03 Sep E-Bike Battery Guide
The battery is one of the most important parts of an e-bike and is quite the mystery to those curious about the new electrically-charged world.
We’ve laid out some background on what you need to know about capacity, runtime, internal and external batteries, how the brands compare, and how to take care of your battery.
As always, we are full equipped to service, and give you advice about how to live with your new battery.
Capacity and run time
E-bike battery capacity is measured in watt hours (Wh). The majority of e-bike batteries hold between 300 and 700 Wh. The fastest battery drain time can be roughly calculated by dividing the Wh in the battery by the maximum power the motor is capable of. So a 250 watt motor will drain a 500 Wh battery in about 2 hours.
It’s not an exact calculation because the power output will reduce as the battery gets closer to being empty but it’s a good rough guide.
Of course, nobody uses their e-bike at full power constantly until the battery drains so the real-world battery life is much longer than the theoretical minimum.
Run times will be affected by all of these factors too:
- Rider weight
- Mode used
Most people commuting around urban areas will get days of running from their battery. E-bike motors are programmed to stop giving power at 25 km/h so you’re only using it to accelerate to that speed or maintain it while pedalling. That’s why e-bikes are such energy efficient transport. They work with you to reach your destination.
Internal and external batteries
E-bikes come with either internal or external batteries. What type your e-bike has can affect maintenance, aesthetics, weight distribution, and ease of use.
External batteries sit outside the bike’s tubes and are usually released by a locking mechanism. They have the benefit of being easy to charge, and easy to maintain. They can get dirtier than internal batteries because they’re more exposed to the elements. You could say they’re a little less aesthetically pleasing than internal batteries, but that’s really up to you! Bosch, Brose, Shimano, and Yamaha all make external battery systems.
Internal batteries live inside one of the bike’s tubes. They tend to be compact and sit lower in the frame which drops the bike’s centre of gravity. A lot of people love how internal batteries look. Rocky Mountain and Specialized make particularly svelte looking systems, and their bikes look the closest to regular MTBs. The main disadvantage to internal batteries is convenience. There’s a few extra steps to get the battery out for maintenance.
There’s a big range of weights and battery capacities. We don’t recommend worrying too much about weight because you won’t notice it when the motor is working.
Here’s a list of approximate battery weight, and capacities:
- Bosch: 2.6 kg, 300-500 Wh options
- Brose: 3.4 kg, 400-770 Wh options
- Rocky Mountain: 2.8 kg, 500-632 Wh options
- Shimano: 2.65 kg, 504 Wh
- Specialized: 2.9 kg, 460-504 Wh
- Yamaha: 3 kg, 500 WH
Longevity and replacement
There’s no escaping that e-bike batteries are very expensive to replace. The good news is that proper care and maintenance will see them last for tens of thousands of kilometers. You’ll wear through multiple chains, cassettes, many sets of tyres, and have quite a few services before your battery needs replacing.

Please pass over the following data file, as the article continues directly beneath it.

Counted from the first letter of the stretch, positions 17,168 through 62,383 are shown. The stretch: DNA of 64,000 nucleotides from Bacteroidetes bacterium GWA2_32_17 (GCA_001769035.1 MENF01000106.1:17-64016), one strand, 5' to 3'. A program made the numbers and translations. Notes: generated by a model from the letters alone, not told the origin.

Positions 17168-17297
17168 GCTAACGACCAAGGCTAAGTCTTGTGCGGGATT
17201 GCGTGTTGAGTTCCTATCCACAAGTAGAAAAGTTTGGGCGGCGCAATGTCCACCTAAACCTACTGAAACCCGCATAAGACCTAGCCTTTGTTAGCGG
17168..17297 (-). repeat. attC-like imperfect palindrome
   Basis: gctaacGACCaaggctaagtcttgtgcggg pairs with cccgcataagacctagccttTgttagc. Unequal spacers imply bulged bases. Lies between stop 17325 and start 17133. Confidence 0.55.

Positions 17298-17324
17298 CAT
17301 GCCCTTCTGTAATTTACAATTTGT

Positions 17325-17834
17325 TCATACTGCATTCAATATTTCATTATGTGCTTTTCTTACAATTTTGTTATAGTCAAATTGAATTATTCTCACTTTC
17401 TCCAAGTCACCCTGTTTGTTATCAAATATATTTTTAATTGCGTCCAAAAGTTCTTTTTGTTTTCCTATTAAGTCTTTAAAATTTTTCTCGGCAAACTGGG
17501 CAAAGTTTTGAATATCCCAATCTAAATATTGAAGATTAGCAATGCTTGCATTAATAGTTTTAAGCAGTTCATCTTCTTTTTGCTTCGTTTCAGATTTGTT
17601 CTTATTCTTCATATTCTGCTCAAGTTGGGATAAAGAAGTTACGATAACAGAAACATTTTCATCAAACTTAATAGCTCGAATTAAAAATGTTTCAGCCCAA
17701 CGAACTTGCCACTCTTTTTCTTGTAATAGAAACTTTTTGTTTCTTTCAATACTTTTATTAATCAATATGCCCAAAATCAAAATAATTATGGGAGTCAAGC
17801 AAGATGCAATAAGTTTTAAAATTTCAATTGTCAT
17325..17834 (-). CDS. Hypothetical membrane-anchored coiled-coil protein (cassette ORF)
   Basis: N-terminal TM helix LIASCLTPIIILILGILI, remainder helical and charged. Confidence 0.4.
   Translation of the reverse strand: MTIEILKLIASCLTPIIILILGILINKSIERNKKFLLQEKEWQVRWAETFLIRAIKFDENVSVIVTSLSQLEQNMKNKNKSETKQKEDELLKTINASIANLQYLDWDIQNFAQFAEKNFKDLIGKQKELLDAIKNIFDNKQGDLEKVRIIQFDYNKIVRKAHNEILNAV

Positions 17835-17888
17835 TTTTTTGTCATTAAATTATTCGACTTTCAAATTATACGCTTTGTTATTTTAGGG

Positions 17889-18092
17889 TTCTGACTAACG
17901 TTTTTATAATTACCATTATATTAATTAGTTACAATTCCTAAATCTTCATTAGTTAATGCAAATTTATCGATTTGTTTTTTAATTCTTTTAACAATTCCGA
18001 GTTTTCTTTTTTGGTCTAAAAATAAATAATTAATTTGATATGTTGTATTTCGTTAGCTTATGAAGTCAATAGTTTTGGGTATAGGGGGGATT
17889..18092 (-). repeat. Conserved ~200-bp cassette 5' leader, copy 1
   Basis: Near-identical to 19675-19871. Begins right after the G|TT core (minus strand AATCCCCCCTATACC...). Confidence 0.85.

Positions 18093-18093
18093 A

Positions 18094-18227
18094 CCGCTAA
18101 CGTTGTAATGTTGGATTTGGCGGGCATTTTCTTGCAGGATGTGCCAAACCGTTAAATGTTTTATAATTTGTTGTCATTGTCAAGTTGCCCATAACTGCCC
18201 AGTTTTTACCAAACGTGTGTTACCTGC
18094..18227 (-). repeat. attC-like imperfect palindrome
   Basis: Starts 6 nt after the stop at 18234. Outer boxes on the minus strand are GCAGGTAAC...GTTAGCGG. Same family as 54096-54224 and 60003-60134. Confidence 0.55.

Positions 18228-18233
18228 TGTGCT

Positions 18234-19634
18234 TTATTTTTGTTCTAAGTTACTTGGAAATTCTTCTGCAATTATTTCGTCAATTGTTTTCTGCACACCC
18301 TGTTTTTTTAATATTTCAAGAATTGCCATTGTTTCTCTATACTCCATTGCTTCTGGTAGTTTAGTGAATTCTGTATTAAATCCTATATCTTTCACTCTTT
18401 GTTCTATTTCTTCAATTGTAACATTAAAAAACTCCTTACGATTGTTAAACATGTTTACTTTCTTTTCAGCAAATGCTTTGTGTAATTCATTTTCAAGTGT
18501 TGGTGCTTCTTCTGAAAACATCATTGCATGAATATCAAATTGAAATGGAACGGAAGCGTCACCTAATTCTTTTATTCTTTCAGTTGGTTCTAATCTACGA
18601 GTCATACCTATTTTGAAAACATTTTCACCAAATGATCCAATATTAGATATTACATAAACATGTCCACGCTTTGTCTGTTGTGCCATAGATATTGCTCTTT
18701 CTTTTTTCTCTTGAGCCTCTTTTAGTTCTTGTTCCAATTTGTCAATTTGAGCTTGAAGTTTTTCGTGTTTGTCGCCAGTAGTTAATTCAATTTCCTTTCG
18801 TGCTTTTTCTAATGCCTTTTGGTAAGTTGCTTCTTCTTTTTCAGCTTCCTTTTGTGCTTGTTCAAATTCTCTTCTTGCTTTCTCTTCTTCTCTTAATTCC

Depending on the brand, you can expect between 500 and 1000 power cycles from a battery. That’s a lot of riding! Commuter e-bikes ridden short distances will take a very long time to run through so many cycles and even an e-MTB should take years at a minimum.
Battery longevity is one of the reasons e-bikes are a great investment. They will last years while you need to replace the cheap parts of the bike that wear out.
Like most batteries, the first 50% of charging happens quite a lot faster than the last 50%. So it’s easy to give your e-bike a bit of juice for your next trip to or from work with a little time on charge. Getting to full charge can take up to 6 hours depending on the battery.
Every e-bike comes with a charger, and we can always hook you up with another if you want one at home and work. Every e-bike has a display system that will show you how much battery life is left. Some show percentages on a screen – like Bosch, and others have LEDs on the frame – like Specialized.
Running out of battery happens to most e-bike owners at some point. You’ll just have to huff and puff a bit more to get home to your charger!
Here’s a few tips to make sure your battery lasts as long as possible:
- Keep the battery topped up. Keeping a decent amount of charge will prolong the battery life. Keeping it between 30-60% will
- Don’t pressure wash it. E-bike batteries and motors don’t like pressure washers but using a bucket and sponge is fine.
- Don’t throw it in a river. You think we’re joking, but many an MTB has been dropped during a river crossing. They will typically survive but an e-bike probably won’t.
- A light greasing of the contact ports on the battery will keep it in top-top shape. We do this for every bike we service if you don’t want to do it yourself.
- Keep an eye on your e-bike phone apps. A few of the brands have some great tech to help you take care of your battery.
- Avoid extreme temperatures. We recommend taking your battery off your bike and inside if your shed manages to hit freezing point, or rockets to 50°C in summer. Or you can just roll the whole bike inside if your cohabitors are ok with it! Extreme temperatures can have a negative effect on your battery over time. Take a little extra care when the temperature goes crazy.